Michael Johnson
Associate Editor, 5.0 Mustangs & Super Fords
May 21, 2014
Photos By: Al Rogers

We all know what was down starting in 1971, and that was horsepower. The ’71 Boss 351, widely known as one of the quickest factory Mustangs, was the last shot across the muscle car bow from the Ford camp. Or was it? The ’72 R-code Mach 1, though not as strong as the ’71 Boss 351, which also wore an R-code designation, carried on the tradition of small block Ford performance.

Call it a Boss 351 Jr, if you will. The ’72 R-code H.O. 351 was basically a Boss 351 with open chamber heads and lower compression. As we’ve pointed out on these pages before, larger, open-combustion chamber heads, a new flat-top piston design (engineered for lower octane pump gas), and decreased camshaft duration were the main culprits for the lost horsepower.

How much lost power, if any, is further muddied by a change in how an engine’s horsepower was measured. For ’71, horsepower carried an SAE gross measurement, meaning horsepower was measured at the flywheel with minimal accessories in place. In mid-1972, the “gross” rating changed to a “net” measurement, which meant horsepower was measured still from the flywheel, but with the appropriate pumps, pulleys, and exhaust equipment installed. Obviously, that change is going to adversely affect horsepower ratings.

The R-code H.O. 351 engine in Jeff and Marlene’s Mach 1 was factory rated at 275 horsepower. The Q-code 351 Cobra Jet, introduced at the beginning of the ’72 model year was rated at 266 horsepower, and the R-code was a mid-year addition to the option list. Basically a detuned ’71 Boss 351 engine, the R-code H.O. engine featured open chamber heads, a nodular iron crankshaft, forged connecting rods, four-bolt mains, a solid lifter camshaft, an aluminum intake, a rev limiter, a dual-point distributor, and an Autolite 4300D 4V carburetor.

So, when you look at it, the ’72 Mach 1 R-code 351 is basically a ’71 Boss without the “Boss 351” designation. Still, the horsepower was obviously down. Take for example, a ’71 Boss 351 was good for 13.8s in the quarter-mile, while a ’72 R-code H.O. 351, upon our research, was good for 15.1 at 95 mph—quite a disparity. The facts, and comparisons between the ’71 Boss 351, and the ’72 R-code H.O. 351 are filled with confusing numbers; enough to make your head spin.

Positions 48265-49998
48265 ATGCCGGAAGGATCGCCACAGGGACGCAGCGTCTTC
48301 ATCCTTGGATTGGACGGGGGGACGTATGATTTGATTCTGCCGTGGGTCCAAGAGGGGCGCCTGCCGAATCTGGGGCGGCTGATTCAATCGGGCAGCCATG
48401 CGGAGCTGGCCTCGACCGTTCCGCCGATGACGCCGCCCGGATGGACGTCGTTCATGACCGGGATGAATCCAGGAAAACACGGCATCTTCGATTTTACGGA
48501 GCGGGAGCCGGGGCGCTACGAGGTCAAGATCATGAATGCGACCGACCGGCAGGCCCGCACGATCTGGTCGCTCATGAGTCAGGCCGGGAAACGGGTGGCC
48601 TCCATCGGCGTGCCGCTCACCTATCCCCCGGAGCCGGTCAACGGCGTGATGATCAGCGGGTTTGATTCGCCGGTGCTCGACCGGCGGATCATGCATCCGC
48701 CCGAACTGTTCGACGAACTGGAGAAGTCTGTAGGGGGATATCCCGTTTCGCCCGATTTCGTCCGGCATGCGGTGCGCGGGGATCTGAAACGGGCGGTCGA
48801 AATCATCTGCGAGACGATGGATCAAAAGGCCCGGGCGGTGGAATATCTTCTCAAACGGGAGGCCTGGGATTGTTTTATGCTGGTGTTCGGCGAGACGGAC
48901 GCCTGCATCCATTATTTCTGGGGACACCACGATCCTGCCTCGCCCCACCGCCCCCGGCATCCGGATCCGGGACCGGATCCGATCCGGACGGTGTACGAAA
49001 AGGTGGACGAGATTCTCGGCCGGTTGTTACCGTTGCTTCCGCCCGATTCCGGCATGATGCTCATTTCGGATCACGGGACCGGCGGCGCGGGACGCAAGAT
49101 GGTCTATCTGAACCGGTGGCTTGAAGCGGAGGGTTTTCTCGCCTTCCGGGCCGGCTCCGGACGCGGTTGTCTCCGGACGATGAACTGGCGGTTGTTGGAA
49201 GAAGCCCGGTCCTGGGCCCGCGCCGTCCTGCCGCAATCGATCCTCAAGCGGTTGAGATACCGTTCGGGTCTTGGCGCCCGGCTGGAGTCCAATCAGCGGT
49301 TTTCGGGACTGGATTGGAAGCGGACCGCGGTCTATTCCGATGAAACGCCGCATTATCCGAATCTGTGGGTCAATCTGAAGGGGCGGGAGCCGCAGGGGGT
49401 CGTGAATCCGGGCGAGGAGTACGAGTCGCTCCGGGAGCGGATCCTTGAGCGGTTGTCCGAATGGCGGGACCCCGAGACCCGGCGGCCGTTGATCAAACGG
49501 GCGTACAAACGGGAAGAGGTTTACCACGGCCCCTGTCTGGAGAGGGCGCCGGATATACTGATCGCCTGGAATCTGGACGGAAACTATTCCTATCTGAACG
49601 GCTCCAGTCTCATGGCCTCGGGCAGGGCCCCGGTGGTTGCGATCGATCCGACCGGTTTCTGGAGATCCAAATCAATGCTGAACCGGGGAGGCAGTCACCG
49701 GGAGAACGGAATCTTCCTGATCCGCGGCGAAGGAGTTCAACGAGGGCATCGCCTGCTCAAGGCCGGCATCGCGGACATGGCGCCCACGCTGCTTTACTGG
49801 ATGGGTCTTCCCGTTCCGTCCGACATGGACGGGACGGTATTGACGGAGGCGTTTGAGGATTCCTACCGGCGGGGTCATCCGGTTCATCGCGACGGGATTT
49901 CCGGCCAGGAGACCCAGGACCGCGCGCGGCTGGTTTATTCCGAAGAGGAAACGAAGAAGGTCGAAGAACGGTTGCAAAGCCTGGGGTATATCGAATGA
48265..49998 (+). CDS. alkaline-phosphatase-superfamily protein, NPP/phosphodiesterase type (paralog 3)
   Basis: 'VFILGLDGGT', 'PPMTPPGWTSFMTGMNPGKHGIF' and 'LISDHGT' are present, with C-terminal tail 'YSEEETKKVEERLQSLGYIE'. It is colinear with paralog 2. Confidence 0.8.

For Jeff and Marlene Luptowski, these facts only get in the way of a good story. For Jeff, he wasn’t really into cars as a youth. It wasn’t until his older brother took him to a drag race in Ubly, Michigan when he was 15-16 years old. That was all it took. When it was time for Jeff to get a car, though, he had a humble start with a ’61 Bel-Air boasting a six-cylinder and a three-on-the-tree. He paid just $200 for the car. In 1968 he was 19 years old, and able to buy a brand new car. He was stuck in a sea of family members who worked for GM, so to stay in the will he purchased a ’68 Camaro with a 327 and a Powerglide. He owned that car for a little over a year before someone ran a stoplight, totaling the Camaro. After the Camaro he bought a ’69 Charger with a 318 and a Torqueflite. After 3 months owning the Charger, Jeff was hurt in a factory accident and had to sell the Charger.

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After the accident, Jeff and Marlene got married in 1970, and they settled into life. Jeff started working at Kmart, from which he retired in 2008. During the period of time between the Charger and retiring, Jeff and Marlene had normal day-to-day transportation—and a boat. The idea of the boat was better than reality as it sat in the garage most of the time.

Obviously disheartened with the boat, Marlene suggested Jeff find something to enjoy upon his retirement. Well, Jeff loves fishing, but since the boat didn’t really pan out to his liking, he turned to his other love—muscle cars. So they got rid of the boat and looked for a muscle car.

The Hurst-shifted Ford Top Loader is the main reason Jeff and Marlene now own the R-code H.O., and they didn’t even know how unique the car was when they first bought it, but adding to the car’s rarity is its Vermillion Sebring knit/Corinthian vinyl bucket seat interior.

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The Redford, Michigan couple wanted a muscle car with three pedals, not two. That was the couple’s only requirement, that it be a four-speed car. “While searchin’ the internet we came to the Holt Auto Sales web site,” Jeff says. “I noticed a ’70 Trans Am. I showed the pictures to my wife and we decided to drive to Lansing to look at it.” Their excitement turned into disappointment when they saw the Trans Am in person. “There were wires hanging from the dash, and other stuff,” Jeff says. It just wasn’t for them. Nothing else on the lot interested them until on their way out. “My wife noticed this bright red Mustang in the middle of the GM products, and we could not get over how beautiful this car was, and it had a four-speed,” Jeff tells us. Of course, the four-speed in this instance is the much-lauded Ford Top Loader four-speed. Jeff and Marlene drove the Mach 1, and that was it. “We made an offer that was accepted and the Mustang was ours,” Jeff says.

Jeff is just thankful for being in the right place, at the right time. “We knew nothing about an R-code—the unknown Boss—or how rare they are,” Jeff says. Jeff and Marlene’s Mach 1 is 1 of 336 SportsRoofs with the R-code H.O. 351. Unlike the Boss 351, the R-code H.O. 351 was also available in hardtop and convertible form. But again, Jeff and Marlene didn’t buy the car for its rarity. As Jeff puts it, “It’s just so much fun to drive.”

According to a Marti Auto Works deluxe report, the red on Jeff and Marlene Luptowski’s Mach 1 is paint code 2B for Bright red. Ford didn’t use much imagination when it came to the car’s color. Besides the red paint, black Mach 1 callouts adorn the car’s SportsRoof body, and accented by Magnum 500 wheels.